Many people think that Christmas has become too consumerist , and we all see shops packed to the rafters with things we simply don't need. I thought I'd share some ideas with you for gifts that won't create clutter, can be had at little expense and most are educational too.
BooksI have found the trick to gifting books is to give a book you love. It shouldn't matter if it is new or second hand, a good book can survive many owners, providing it is well looked after.
Avoid... anything you haven't read yourself. If it is a picture book it is easy enough to read in the shop, or seek out something you read as a child.
|Owl Babies and Tales from Acorn Wood|
Both favourites in our home, this year we are gifting them to a little friend.
We have our drawing things out almost every day. Both the toddler and 9YO love to draw, write, scribble and colour. Buy an inexpensive quality brand of crayon (my preference is Crayola) or substitute washable felt-tips, chalk or multi-coloured ball-point pens for older kids. Choose regular thickness crayons, pens and chalk, it encourages correct grip and finger positioning from the start - which in turn promotes better motor skills.
A stack of inexpensive white or coloured paper A3 or A4 , a blank sketch book, notepad or even a ream of printer paper is a great resource for any child to have at their disposal.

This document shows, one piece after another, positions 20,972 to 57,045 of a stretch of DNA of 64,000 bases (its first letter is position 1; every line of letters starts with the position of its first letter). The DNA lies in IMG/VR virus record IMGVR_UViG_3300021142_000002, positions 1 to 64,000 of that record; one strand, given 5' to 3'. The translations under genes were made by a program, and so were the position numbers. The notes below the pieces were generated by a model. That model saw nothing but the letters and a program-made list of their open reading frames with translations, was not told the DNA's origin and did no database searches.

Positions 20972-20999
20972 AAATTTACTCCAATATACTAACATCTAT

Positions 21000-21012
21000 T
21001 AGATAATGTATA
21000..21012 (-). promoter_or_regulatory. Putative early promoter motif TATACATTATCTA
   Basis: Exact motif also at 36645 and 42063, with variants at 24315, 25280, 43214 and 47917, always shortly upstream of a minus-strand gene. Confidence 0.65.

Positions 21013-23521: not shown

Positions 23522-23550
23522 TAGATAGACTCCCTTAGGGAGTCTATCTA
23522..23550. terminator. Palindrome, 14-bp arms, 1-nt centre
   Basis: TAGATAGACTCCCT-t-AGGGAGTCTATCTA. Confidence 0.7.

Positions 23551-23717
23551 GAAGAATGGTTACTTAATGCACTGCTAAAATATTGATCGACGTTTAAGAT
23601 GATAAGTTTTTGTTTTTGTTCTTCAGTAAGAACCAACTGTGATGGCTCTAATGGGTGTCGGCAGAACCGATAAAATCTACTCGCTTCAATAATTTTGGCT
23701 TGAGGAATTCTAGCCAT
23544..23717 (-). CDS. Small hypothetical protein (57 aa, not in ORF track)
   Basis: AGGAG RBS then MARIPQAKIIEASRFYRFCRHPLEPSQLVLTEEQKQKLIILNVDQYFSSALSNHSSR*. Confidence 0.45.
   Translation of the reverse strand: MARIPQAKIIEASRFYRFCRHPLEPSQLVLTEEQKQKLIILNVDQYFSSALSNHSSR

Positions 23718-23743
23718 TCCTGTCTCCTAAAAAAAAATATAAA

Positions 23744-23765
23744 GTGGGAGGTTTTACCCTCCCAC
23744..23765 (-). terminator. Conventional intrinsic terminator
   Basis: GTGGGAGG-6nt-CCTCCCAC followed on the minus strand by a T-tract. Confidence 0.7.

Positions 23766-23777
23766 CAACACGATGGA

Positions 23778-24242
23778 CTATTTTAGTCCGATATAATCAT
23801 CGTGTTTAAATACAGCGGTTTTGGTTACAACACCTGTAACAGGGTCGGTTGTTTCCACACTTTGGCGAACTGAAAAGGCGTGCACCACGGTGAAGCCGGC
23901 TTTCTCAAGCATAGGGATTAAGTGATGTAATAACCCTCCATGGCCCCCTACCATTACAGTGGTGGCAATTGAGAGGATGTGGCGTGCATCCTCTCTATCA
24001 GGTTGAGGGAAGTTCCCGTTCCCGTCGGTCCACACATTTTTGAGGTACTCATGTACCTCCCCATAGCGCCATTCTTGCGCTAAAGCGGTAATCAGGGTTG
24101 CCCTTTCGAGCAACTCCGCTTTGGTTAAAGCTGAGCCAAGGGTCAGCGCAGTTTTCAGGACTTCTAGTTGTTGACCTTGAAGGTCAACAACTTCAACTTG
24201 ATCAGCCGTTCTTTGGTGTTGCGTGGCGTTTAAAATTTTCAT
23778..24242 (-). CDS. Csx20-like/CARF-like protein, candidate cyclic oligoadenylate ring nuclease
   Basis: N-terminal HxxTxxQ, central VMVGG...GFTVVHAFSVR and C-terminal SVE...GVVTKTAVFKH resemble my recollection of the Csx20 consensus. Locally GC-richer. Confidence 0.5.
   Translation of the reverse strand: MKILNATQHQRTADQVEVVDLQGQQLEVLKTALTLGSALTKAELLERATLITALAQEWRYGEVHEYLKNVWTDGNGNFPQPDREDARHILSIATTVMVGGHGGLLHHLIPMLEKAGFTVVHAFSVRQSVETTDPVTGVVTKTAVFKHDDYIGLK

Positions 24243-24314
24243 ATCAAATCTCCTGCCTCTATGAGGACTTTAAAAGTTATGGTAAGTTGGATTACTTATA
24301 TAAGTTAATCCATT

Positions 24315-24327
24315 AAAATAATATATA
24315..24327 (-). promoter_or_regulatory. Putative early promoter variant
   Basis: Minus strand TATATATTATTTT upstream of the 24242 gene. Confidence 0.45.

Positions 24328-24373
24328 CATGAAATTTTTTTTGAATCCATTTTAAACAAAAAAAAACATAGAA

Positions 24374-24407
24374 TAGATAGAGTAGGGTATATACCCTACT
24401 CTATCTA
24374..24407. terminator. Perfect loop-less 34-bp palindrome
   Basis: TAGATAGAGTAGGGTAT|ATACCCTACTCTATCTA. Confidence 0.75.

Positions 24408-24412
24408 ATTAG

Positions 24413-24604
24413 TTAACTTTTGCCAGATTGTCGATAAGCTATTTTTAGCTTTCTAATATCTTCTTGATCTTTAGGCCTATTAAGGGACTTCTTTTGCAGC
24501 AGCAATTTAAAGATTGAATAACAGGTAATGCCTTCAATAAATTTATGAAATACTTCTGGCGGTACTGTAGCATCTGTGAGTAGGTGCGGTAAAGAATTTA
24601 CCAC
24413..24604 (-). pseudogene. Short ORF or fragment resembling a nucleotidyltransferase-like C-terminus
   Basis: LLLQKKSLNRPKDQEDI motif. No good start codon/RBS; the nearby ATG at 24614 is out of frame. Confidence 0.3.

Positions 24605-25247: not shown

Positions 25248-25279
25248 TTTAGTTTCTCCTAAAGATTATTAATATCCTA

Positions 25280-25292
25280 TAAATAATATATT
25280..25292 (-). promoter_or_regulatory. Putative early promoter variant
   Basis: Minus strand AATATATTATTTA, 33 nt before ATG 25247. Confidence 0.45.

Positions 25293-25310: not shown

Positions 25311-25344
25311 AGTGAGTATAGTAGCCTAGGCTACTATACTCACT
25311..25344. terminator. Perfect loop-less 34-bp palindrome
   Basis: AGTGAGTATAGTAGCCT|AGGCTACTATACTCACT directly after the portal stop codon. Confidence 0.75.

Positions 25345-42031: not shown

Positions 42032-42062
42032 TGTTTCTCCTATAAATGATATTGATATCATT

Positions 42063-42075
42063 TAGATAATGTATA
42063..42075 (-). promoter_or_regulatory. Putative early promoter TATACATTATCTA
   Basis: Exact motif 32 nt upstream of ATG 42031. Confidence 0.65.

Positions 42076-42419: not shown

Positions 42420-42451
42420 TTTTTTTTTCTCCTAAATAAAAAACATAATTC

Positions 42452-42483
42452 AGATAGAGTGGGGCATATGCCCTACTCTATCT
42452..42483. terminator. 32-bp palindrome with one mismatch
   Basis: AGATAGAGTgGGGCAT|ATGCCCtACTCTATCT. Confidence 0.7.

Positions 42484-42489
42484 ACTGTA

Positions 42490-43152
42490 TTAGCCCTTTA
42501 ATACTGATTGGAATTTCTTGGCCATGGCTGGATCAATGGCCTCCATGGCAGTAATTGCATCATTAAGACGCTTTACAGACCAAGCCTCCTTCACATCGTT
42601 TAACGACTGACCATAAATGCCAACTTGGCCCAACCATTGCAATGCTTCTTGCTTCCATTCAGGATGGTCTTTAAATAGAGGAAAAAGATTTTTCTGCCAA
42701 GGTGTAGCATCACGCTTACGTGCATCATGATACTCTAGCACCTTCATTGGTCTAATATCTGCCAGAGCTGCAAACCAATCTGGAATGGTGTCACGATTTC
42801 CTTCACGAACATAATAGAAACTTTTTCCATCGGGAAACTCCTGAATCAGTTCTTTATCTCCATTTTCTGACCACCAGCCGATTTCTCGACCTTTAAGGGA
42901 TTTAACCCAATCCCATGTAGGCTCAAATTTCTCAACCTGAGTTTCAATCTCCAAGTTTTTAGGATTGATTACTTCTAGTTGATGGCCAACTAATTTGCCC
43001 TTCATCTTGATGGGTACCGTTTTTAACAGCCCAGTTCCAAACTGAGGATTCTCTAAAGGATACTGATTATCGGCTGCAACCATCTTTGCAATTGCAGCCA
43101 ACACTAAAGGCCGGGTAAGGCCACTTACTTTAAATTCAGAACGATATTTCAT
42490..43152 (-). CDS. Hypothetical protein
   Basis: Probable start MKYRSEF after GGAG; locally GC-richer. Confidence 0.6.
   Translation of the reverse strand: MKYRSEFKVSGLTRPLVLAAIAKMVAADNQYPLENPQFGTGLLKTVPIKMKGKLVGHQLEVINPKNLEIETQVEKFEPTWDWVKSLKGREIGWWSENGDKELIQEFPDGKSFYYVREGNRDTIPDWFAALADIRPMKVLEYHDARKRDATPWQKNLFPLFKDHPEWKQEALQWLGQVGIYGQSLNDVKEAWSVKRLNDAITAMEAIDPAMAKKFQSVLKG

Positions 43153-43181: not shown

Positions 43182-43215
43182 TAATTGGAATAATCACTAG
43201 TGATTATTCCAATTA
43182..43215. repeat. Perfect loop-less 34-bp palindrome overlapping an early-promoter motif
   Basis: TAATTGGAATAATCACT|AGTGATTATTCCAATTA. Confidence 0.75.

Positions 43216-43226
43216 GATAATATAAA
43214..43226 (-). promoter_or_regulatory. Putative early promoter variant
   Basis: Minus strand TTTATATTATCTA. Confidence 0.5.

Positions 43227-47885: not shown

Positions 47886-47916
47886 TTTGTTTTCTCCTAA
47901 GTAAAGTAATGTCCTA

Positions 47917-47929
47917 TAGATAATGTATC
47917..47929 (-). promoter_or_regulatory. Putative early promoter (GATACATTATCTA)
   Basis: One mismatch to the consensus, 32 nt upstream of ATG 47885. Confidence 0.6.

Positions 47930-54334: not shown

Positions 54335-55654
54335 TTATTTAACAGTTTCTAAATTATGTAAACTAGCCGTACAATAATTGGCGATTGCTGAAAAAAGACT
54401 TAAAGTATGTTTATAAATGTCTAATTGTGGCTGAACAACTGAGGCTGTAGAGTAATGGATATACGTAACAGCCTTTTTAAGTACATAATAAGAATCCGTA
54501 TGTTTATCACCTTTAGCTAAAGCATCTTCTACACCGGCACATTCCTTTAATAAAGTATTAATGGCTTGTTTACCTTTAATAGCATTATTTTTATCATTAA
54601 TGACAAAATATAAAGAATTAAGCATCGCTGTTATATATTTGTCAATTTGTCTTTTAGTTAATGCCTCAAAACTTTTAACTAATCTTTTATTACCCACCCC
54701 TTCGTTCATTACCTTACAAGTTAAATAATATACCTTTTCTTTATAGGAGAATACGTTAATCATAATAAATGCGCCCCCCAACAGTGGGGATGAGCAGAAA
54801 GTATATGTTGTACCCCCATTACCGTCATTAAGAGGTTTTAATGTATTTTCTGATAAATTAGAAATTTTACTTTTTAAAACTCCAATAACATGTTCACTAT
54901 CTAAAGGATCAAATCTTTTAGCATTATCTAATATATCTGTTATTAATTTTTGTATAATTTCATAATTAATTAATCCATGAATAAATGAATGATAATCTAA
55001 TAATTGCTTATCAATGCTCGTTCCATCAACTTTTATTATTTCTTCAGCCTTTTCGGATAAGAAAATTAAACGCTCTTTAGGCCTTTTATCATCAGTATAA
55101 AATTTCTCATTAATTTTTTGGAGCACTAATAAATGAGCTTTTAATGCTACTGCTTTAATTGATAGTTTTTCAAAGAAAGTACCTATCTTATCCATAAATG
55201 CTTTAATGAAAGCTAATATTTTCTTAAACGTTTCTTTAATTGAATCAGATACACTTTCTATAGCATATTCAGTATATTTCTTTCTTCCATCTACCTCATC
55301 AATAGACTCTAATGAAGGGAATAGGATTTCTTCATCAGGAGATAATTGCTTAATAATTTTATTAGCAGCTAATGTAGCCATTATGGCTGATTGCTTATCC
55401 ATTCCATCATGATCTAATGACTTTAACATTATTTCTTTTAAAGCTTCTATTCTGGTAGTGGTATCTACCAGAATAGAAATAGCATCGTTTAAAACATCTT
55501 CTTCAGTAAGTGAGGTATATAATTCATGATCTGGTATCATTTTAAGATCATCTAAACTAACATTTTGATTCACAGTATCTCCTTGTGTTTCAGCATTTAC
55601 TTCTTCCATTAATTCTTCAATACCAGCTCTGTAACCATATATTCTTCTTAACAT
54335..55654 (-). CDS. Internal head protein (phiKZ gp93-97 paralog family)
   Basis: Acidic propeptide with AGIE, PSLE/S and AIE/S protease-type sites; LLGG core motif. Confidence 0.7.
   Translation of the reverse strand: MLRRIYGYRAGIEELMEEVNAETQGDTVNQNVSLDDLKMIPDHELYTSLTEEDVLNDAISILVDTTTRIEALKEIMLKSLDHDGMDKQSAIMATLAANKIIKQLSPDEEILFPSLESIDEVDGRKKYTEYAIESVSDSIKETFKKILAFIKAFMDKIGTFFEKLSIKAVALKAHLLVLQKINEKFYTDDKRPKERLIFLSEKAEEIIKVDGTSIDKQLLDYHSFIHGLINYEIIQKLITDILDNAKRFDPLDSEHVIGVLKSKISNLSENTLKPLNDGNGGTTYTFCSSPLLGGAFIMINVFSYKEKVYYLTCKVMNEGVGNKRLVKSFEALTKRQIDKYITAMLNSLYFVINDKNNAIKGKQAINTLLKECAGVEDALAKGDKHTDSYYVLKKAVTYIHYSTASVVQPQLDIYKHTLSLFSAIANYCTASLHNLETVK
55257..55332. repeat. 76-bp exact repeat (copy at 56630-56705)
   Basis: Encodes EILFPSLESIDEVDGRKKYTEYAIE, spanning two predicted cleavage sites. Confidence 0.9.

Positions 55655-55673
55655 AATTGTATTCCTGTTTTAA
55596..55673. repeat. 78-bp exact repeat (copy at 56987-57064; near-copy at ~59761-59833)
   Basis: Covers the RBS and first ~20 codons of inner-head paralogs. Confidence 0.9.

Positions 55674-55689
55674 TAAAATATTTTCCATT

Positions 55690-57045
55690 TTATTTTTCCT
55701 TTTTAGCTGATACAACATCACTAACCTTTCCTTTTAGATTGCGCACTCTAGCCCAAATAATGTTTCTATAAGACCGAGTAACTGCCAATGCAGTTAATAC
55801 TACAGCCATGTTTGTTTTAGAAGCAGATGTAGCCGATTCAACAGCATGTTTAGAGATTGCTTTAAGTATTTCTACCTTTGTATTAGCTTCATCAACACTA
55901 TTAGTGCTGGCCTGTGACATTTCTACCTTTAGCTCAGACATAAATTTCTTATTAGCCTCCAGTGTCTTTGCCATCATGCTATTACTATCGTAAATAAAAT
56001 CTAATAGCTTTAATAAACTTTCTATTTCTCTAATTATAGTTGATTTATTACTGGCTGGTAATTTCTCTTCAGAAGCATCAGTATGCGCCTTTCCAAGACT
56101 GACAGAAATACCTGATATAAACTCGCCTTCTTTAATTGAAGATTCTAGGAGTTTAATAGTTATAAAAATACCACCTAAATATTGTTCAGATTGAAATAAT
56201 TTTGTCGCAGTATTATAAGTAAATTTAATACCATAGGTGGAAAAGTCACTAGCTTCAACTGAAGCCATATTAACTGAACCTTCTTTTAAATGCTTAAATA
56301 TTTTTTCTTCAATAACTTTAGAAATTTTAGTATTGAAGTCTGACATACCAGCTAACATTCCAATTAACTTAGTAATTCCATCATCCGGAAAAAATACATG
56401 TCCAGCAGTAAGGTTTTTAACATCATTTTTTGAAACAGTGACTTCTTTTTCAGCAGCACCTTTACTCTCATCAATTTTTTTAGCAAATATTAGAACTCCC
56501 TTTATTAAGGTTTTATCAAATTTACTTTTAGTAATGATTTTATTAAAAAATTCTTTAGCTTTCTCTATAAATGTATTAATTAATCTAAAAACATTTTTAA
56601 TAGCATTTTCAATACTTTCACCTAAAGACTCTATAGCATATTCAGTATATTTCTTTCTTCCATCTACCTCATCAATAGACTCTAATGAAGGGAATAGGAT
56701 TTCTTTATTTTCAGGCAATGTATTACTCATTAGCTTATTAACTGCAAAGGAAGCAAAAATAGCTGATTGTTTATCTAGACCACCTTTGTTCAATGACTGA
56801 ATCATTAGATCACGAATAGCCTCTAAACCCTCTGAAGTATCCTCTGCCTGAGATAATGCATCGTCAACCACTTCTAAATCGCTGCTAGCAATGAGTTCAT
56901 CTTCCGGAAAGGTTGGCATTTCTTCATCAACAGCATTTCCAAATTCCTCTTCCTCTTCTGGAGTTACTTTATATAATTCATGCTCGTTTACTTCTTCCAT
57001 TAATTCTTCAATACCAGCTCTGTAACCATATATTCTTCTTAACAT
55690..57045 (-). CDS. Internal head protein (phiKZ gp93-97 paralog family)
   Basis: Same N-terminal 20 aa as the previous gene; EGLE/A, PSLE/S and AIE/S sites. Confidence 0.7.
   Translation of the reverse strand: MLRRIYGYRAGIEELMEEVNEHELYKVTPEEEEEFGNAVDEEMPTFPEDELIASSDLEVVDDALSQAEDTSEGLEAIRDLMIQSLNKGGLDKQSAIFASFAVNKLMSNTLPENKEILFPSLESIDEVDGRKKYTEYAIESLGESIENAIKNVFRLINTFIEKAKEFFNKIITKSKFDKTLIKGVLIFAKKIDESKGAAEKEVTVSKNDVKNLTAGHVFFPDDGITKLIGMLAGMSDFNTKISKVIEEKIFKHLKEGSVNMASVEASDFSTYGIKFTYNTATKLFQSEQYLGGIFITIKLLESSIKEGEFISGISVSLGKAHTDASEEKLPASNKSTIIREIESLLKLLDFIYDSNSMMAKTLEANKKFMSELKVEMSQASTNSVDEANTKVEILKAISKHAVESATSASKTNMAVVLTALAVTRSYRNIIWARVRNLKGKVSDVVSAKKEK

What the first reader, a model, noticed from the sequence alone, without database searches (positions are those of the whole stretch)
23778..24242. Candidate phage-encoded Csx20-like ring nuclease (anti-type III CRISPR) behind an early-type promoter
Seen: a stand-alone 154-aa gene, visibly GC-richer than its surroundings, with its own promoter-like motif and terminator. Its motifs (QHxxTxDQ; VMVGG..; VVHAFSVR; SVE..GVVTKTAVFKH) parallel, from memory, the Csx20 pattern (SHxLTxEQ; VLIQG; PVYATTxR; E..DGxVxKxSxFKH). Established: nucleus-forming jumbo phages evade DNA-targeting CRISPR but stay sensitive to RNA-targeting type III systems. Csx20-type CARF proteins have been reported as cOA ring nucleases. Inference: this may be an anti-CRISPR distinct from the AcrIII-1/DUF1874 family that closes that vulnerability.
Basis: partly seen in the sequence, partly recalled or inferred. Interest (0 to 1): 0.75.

Avoid... Colouring and Activity Books - We had many colouring books languishing in a cupboard, I wondered why the children had abandoned the books so I did some research - Experts in early years education say colouring books hinder children's creativity, giving unachievable expectations of perfectionism rather than allowing imagination to roam free - so plain paper all the way then!!
Little kids go through clothes at an astonishing rate, especially babies and toddlers. I've found supermarkets and many high street stores to have brilliant low price ranges but (if the recipient is open to it) you should check out charity shops for big labels too. Just make sure tots can play in the clothes and they are machine washable. Clothes become a bad idea as children get older and they develop their own tastes, by the time they are 7 or 8, unless you know them very well.
Avoid... Anything that they can't run, jump, crawl, swing or pretend to be an elephant in - Sadly this is a trait of many girls clothes and we have had to pass on a variety of cutesy dresses and skirts because they are designed for precious little things to sit still in. Unless they are at a black tie event (and why are you taking your child to a black tie event?) putting such parameters on any child just isn't fair.
Add to a collection
We have a couple of toy collections that have been built up from small gifts, hand-me-downs and charity shop finds over the years.
|Just part of our well loved Duplo collection.|
Avoid... anything that adds too much to the bulk of a collection, few people have the space to keep 2 dolls houses for example. If you are buying second hand avoid anything that can't be thoroughly cleaned.
My kids would love to have a couple of hours drawing, playing, chatting or reading with a relative. It is sad that we live in a culture too busy to give time but it is such a simple thing to do. You could write out a nice I.O.U voucher for a lunch date, baking session, movie and popcorn, play date, board game playing session, or whatever else you fancy - it doesn't need to cost a penny and you can roll it into a babysitting gift for the parents too ;-)
If you have any other suggestions I'd love to hear them. Pop them in the comments below.